With the new Alberta NDP government's recent abandonment of the flat-tax and its introduction of progressive taxation, it's worth seeing how Alberta's new effective tax rates compare to the rest of Canada.
The Alberta NDP's Income Tax Plan
The new Alberta NDP government recently announced the end of the personal income flat tax and a move towards progressive taxation on the wealthiest of Albertans via Bill 2. The new tax system includes the existing 10% tax rate up to $100,000, and new rates of 12% over 125,000; 13% over $150,000; 14% over $200,000; and 15% over $300,000.
Properly Comparing Income Tax Regimes Across Provinces
I'm interested in seeing how Alberta's new income taxes will vary across income earners, and how this compares to other Canadian provinces. To do this, it's necessary to calculate the "effective tax rate" curve for each province. What do I mean by an effective tax rate curve? Well, an individual's effective tax rate is the percentage of their gross income that is owed in provincial income taxes. The effective tax rate curve is how this rate changes for varying levels of income.
I calculate the effective tax rate curve for each province based on gross personal income (e.g., excluding capital gains or dividend income), from $0 to $500,000, in $500 increments. I use the tax brackets, tax rates, and income exemption limits for each province based on the 2014 tax year. This base scenario excludes some tax exemptions that only apply to select categories such as Age (> 65 yrs), Disability, Caregiver, and Spouse or Common Law. It's worth pointing out that in general, Alberta is more generous in these tax exemptions than other provinces.
I have attempted to capture all the important components in my calculations, but will adjust my figures if anyone can point out any important missing parts.
Effective Tax Rate Curves: Alberta and the rest of Canada
High Income Tax Provinces
Figure 1 shows the Effective Tax Rate Curves for Alberta (with the flat tax and the NDP's new rates), along with the provinces that generally tax everyone higher across the board than Alberta (i.e, all provinces except for British Columbia and Ontario). A few remarks here:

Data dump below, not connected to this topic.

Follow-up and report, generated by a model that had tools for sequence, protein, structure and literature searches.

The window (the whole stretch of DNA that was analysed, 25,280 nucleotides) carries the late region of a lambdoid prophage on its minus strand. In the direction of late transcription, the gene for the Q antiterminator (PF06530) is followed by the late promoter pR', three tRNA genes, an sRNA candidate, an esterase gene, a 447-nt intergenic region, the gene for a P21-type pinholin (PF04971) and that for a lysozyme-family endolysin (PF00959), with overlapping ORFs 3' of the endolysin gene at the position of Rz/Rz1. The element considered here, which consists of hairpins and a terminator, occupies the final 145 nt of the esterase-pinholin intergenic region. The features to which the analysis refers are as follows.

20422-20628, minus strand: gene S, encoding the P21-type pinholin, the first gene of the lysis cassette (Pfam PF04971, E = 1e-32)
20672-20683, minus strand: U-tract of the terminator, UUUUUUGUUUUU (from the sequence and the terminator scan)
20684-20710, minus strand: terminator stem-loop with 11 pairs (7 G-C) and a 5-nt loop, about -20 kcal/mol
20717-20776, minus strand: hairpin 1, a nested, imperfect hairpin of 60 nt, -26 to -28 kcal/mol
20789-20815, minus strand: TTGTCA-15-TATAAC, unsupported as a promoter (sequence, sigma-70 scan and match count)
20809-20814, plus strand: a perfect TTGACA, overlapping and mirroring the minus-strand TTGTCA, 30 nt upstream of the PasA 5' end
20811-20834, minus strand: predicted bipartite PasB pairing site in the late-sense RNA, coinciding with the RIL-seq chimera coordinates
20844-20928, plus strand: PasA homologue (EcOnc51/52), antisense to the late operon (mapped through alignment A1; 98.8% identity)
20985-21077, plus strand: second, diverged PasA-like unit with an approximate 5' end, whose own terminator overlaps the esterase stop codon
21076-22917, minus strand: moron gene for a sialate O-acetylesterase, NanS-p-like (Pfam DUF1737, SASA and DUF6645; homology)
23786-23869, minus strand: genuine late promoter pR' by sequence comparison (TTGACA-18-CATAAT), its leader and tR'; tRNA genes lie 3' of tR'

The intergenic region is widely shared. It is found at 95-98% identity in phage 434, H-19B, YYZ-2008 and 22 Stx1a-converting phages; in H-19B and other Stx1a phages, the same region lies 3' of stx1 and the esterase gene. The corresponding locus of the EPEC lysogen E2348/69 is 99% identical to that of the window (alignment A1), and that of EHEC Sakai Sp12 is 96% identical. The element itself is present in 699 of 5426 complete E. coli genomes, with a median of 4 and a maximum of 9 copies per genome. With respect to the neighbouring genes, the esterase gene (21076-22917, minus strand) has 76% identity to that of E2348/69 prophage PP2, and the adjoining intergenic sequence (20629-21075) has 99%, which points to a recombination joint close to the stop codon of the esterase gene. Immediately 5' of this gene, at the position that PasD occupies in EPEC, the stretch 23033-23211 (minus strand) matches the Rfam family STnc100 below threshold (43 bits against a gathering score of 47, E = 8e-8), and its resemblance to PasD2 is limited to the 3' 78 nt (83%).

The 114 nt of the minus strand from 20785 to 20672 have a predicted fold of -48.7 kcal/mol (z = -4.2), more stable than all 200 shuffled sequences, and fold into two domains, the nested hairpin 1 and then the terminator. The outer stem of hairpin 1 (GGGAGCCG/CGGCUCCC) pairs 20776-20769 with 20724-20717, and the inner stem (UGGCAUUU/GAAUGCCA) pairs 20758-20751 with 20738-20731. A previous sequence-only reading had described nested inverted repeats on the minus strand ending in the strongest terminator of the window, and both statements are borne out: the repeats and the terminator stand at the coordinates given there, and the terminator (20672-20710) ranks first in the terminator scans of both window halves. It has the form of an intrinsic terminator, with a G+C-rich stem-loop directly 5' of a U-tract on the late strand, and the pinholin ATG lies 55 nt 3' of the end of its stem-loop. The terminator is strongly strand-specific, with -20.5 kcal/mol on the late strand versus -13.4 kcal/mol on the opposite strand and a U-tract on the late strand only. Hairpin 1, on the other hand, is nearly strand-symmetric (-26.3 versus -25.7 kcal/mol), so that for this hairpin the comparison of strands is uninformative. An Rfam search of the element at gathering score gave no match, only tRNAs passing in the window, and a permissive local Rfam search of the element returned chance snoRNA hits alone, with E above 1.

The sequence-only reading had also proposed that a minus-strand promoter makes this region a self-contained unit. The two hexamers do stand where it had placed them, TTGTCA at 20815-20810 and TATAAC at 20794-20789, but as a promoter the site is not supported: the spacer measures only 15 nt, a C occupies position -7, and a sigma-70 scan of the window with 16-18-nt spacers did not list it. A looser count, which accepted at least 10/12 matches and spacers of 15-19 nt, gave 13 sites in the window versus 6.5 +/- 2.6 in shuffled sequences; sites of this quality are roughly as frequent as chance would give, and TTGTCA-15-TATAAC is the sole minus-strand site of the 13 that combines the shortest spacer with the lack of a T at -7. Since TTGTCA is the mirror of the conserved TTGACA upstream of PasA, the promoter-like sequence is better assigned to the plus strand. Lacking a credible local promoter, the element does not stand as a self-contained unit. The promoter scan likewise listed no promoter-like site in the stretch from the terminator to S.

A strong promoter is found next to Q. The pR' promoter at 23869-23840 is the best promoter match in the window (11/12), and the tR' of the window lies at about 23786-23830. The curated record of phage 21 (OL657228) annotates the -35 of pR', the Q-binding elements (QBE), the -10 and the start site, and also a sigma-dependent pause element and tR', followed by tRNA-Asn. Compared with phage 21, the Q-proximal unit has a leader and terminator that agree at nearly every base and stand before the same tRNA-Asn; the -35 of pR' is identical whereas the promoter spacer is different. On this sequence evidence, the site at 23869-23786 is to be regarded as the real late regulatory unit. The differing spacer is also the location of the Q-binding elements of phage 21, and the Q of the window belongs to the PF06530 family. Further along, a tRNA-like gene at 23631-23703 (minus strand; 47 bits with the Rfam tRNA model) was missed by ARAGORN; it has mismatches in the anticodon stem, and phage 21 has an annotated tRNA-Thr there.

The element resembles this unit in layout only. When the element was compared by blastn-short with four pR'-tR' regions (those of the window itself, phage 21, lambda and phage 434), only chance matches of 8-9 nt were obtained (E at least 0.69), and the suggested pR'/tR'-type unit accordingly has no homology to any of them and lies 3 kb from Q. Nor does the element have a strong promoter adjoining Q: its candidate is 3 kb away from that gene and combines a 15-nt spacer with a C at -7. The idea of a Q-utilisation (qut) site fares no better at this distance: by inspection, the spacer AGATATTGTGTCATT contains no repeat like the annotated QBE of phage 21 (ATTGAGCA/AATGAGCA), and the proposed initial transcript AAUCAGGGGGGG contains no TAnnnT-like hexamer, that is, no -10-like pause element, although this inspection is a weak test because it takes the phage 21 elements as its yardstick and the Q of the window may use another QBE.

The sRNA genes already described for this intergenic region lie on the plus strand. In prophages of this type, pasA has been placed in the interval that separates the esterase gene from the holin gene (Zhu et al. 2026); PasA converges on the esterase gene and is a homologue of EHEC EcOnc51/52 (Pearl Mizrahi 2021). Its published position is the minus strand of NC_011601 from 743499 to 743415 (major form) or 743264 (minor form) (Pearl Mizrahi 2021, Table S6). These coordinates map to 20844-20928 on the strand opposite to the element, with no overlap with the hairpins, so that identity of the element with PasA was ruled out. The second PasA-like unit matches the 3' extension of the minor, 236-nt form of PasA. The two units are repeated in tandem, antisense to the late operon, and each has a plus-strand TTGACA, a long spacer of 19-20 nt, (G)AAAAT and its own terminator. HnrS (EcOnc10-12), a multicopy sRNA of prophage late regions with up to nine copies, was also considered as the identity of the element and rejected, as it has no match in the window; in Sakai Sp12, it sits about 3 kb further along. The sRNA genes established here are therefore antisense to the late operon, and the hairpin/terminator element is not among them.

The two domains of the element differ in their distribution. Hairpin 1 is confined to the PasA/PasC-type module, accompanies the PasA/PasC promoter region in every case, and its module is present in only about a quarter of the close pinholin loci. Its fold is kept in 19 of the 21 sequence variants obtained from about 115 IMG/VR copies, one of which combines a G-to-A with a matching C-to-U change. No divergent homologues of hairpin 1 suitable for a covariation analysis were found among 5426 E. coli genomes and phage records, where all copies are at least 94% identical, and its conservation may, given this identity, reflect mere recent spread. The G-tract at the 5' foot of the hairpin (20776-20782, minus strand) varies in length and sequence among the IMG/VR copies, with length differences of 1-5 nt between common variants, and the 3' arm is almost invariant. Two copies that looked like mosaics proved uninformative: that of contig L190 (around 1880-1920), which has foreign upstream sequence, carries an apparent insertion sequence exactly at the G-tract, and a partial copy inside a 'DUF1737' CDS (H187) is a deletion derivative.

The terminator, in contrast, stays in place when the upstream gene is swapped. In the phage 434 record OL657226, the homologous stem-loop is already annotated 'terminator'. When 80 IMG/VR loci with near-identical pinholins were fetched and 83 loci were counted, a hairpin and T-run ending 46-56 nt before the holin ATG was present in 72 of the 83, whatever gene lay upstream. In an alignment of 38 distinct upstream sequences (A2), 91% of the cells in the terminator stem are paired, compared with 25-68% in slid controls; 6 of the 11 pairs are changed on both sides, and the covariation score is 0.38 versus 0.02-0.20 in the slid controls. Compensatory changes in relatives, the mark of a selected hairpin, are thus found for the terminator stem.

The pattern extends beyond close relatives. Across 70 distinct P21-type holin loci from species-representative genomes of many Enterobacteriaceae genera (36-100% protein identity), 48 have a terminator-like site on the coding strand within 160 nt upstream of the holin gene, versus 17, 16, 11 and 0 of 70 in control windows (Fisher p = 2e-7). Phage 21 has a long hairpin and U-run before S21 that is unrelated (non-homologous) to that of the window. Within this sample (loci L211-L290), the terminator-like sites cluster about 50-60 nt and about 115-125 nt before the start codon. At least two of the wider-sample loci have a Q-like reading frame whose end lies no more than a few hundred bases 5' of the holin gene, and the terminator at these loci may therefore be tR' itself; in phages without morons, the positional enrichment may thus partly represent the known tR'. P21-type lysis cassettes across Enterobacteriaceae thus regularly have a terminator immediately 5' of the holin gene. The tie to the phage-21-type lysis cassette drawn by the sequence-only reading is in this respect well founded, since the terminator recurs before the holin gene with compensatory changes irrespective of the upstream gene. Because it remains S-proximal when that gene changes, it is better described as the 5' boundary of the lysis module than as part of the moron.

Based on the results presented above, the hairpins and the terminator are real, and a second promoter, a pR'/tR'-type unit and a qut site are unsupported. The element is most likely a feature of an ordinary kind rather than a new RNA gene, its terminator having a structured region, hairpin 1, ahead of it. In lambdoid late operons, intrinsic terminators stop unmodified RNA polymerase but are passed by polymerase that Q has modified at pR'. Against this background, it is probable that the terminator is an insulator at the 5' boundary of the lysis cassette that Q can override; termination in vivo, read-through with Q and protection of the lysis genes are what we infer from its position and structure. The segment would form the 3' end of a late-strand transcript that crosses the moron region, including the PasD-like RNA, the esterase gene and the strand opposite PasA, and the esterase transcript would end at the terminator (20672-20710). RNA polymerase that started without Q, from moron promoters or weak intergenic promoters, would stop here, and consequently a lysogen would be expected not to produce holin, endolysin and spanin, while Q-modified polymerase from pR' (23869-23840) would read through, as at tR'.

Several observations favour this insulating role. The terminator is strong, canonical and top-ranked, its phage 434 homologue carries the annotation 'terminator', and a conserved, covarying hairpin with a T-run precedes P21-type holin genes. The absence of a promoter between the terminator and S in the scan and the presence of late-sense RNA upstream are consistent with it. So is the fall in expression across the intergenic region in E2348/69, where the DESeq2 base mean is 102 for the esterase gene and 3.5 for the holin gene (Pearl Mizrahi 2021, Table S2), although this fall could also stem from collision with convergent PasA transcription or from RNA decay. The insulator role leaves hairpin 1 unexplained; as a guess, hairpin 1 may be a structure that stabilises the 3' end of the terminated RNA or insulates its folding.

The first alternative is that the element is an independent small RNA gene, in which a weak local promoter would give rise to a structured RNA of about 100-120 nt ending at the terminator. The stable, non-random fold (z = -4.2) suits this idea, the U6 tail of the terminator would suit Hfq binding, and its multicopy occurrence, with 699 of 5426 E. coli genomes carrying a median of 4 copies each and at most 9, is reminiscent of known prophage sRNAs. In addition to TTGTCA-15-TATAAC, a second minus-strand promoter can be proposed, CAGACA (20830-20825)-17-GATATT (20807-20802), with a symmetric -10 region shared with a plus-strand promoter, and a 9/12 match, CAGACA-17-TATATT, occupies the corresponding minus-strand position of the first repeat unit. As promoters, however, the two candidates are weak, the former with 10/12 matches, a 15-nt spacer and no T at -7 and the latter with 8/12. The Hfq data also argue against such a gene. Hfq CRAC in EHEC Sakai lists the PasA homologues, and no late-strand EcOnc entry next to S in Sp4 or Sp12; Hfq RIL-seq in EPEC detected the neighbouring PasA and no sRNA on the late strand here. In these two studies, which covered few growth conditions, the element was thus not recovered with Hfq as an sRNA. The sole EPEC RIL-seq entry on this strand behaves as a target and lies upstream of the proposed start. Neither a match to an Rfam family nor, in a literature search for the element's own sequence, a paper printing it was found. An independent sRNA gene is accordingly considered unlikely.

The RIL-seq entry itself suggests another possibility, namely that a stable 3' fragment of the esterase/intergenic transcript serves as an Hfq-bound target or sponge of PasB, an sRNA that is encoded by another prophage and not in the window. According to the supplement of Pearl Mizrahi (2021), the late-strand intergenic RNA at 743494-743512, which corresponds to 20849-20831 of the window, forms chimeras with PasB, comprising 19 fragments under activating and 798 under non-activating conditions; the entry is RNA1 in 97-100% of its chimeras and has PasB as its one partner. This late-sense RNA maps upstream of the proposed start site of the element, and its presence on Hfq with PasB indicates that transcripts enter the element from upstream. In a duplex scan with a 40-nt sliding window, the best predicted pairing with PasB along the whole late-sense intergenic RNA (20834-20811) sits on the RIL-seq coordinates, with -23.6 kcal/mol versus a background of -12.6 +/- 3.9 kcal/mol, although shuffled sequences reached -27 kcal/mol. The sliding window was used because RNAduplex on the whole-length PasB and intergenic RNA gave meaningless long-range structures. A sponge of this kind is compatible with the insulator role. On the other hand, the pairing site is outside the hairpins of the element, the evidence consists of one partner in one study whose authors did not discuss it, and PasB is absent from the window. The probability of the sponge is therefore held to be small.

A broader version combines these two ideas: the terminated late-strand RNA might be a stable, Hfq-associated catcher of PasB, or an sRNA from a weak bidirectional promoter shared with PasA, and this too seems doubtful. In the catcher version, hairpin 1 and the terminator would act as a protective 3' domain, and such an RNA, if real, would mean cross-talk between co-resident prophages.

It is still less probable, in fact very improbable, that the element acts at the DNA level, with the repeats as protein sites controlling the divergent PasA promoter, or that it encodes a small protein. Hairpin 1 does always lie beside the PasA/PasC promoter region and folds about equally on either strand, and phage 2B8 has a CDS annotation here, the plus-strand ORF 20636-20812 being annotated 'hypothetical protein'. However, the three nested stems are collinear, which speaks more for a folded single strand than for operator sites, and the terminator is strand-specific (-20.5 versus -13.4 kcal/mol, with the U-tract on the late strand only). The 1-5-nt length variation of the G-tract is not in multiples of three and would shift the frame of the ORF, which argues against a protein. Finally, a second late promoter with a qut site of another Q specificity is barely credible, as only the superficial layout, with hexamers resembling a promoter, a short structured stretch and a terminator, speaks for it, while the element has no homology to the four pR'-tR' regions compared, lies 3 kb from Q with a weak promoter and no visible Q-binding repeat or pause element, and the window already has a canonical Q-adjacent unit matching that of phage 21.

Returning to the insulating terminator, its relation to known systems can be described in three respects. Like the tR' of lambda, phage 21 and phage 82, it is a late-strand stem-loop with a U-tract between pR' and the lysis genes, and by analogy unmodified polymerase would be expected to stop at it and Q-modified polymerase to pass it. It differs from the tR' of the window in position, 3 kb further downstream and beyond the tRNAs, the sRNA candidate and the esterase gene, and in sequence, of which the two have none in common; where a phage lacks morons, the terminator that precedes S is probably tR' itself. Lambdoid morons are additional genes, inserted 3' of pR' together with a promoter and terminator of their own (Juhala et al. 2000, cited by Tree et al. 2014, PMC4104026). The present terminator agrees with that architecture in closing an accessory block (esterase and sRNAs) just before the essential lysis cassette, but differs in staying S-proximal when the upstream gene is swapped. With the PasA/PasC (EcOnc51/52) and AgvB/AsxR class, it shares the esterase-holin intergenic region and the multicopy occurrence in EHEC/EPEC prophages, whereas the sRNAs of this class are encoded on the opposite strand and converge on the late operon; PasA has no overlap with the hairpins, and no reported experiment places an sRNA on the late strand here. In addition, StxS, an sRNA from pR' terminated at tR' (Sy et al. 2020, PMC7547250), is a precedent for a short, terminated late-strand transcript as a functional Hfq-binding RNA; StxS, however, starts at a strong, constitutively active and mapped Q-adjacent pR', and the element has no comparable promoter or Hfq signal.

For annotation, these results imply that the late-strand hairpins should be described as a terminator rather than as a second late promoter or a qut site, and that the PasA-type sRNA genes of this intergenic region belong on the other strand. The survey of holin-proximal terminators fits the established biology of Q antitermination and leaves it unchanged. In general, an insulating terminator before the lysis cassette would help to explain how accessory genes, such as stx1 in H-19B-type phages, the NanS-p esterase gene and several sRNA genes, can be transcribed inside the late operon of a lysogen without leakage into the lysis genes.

What I've done in Figure 2 is subtract Alberta's Effective Tax Rate from each of the higher taxing provinces; this way it will be easier to see where on the income scale an Albertan saves the most and least. The more negative a point is on the graph, the lower an Albertan at that gross income level pays compared to the other province. A few remarks:
British Columbia and Ontario
British Columbia and Ontario are worth comparing to Alberta on their own as these are the only two provinces where the majority of Albertans pay higher effective tax rates (both under the flat-tax and the NDP rates). Figure 3 shows these effective tax rates for the three provinces.
Figure 4 shows the effective tax spread between Alberta and Ontario. Positive (negative) means higher (lower) rates in Alberta. Under Alberta's flat-tax, only the working poor ($10-26k gross), and very high income earners ($194k+) paid lower effective tax rates than Ontario.
Based on 2012 income and population data, for Albertans earning at least $10k+, around 64% of Albertans paid more than Ontario rates (those in the $26-194k range). With the NDP rates, high income earners will pay higher effective tax rates than Ontario, just like any other Albertan earning more than $26k.
Figure 5 shows the effective tax spread between Alberta and British Columbia. Again, positive (negative) means higher (lower) rates in Alberta. Under Alberta's flat-tax, only the working poor ($10-26k gross), and high income earners ($147k+) paid lower effective tax rates than British Columbia.
Based on 2012 income and population data, for Albertans earning at least $10k+, around 63% of Albertans paid more than British Columbia rates (those in the $26-147k range). With the NDP rates, those earning above $147k will stay pay less than British Columbia, but by a largely reduced margin that flattens out at about $315k.
With the exclusion of British Columbia, Ontario, and a slice of Newfoundland (when earning $500k+), Albertans pay lower (personal) effective income tax rates than the rest of Canada. This has been preserved under the NDP's new rates since they don't kick in until one earns $125k in taxable income, and because even the NDP's highest tax bracket (15%), is lower than the highest tax brackets of these other provinces. More important in my opinion, the new rates raise substantial new revenues ($0_.8 to $1 billion in 2016-2017) by largely eliminating the massive tax savings that the wealthiest of Alberta income earners received under the flat tax when comparing to the rest of what Canada taxes at.
As well, it's worth saying that while the majority of Albertans pay higher effective income tax rates compared to British Columbia and Ontario, when you factor in the other forms of taxation that British Columbia and Ontario has - e.g., health care premiums and sales taxes - most Albertans across the income spectrum almost certainly pay lower levels of overall taxation. Incorporating these other forms of taxation may be in the works for a future post!